·
employee-related expenses, including salaries, benefits and related expenses, including share based compensation expenses;

·
costs associated with market research and business development activities in preparation for future marketing and sales, including activities intended to select the most promising product candidates for further development and commercialization;

·
legal and professional fees for auditors and other consulting expenses not related to research and development activities or to market research or business development activities;

59

·
cost of office spaces, communication and office expenses;

·
information technology expenses;

·
depreciation of tangible fixed assets related to our general and administrative activities or to our market research and business development activities; and

·
costs associated with filing, prosecuting, obtaining and maintaining patents and other intellectual property.

As part of our growth strategy, we have begun building up our dedicated U.S. marketing and business development team and infrastructure, and we intend to further increase such U.S. infrastructure, as well as expand our marketing effort to new markets. We therefore expect selling and marketing expenses to increase in absolute terms as a percentage of our revenues. Our total selling, general and administrative expenses for the years ended December 31, 2018, 2017 and 2016 were approximately $14.0 million, $11.5 million and $9.2 million, respectively.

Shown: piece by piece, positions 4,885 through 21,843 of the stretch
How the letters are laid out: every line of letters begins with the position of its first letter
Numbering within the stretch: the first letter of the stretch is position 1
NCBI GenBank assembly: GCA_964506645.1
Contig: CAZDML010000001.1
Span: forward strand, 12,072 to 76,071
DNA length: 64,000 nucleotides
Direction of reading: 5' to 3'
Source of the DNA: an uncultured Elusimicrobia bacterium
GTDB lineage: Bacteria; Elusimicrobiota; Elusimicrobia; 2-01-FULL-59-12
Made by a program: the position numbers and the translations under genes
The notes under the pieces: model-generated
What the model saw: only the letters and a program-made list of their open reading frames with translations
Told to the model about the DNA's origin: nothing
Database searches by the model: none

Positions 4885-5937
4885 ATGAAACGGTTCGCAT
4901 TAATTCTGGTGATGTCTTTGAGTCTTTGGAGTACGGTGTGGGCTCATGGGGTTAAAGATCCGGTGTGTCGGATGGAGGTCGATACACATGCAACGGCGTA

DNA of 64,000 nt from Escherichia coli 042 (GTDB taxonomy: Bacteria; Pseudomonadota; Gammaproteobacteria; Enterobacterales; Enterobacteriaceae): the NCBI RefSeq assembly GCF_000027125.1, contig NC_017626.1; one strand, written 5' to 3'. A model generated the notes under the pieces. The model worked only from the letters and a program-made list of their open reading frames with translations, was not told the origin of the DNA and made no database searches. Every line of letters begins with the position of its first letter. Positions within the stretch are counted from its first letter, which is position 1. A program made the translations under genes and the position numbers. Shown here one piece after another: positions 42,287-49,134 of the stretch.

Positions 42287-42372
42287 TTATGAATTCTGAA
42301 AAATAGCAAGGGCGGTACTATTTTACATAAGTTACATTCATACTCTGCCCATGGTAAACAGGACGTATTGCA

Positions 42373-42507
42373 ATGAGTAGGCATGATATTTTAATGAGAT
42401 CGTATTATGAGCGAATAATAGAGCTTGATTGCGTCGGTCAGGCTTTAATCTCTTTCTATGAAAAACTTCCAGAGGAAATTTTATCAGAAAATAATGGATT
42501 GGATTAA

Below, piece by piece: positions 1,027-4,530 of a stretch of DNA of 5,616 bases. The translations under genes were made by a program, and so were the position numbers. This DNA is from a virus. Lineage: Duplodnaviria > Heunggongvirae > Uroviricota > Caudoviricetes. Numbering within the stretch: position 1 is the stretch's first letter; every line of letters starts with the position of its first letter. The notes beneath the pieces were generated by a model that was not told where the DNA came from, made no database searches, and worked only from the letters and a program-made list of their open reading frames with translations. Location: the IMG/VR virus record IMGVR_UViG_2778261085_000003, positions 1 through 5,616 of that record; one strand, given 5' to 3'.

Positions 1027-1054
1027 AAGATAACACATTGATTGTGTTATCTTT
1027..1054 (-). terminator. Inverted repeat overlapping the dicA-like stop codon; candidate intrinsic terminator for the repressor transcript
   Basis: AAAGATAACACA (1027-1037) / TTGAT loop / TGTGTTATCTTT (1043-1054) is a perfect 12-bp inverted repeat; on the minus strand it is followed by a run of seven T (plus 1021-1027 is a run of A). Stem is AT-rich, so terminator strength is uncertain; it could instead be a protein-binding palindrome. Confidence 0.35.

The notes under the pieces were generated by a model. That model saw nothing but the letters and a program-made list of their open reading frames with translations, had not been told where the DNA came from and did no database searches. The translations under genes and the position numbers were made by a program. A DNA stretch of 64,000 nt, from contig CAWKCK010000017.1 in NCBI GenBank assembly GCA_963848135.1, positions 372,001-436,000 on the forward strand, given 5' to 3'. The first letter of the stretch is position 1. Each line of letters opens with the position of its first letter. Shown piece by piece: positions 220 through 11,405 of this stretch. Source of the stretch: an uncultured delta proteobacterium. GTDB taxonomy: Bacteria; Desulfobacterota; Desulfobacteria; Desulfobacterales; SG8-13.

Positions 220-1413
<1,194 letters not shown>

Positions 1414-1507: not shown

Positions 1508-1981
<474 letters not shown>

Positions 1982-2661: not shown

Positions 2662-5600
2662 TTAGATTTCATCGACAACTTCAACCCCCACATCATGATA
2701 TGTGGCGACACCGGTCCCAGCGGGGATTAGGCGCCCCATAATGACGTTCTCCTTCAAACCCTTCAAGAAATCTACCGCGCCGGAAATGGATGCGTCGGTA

Our ability to commercialize FMX101 and FMX103 successfully, if approved, is highly uncertain and depends on a number of factors, including market adoption of our product candidates by physicians and patients, market access uncertainty, our ability to scale to the opportunity and the existence of existing and future products that may compete with ours. As such, at this time, we cannot reasonably estimate or know the nature, timing and costs of the efforts that will be necessary for successful commercialization of our product candidates, if approved.

Financial Income

Financial income consists primarily of gains from interest earned from our bank deposits and financial income on our marketable securities.

Taxes on Income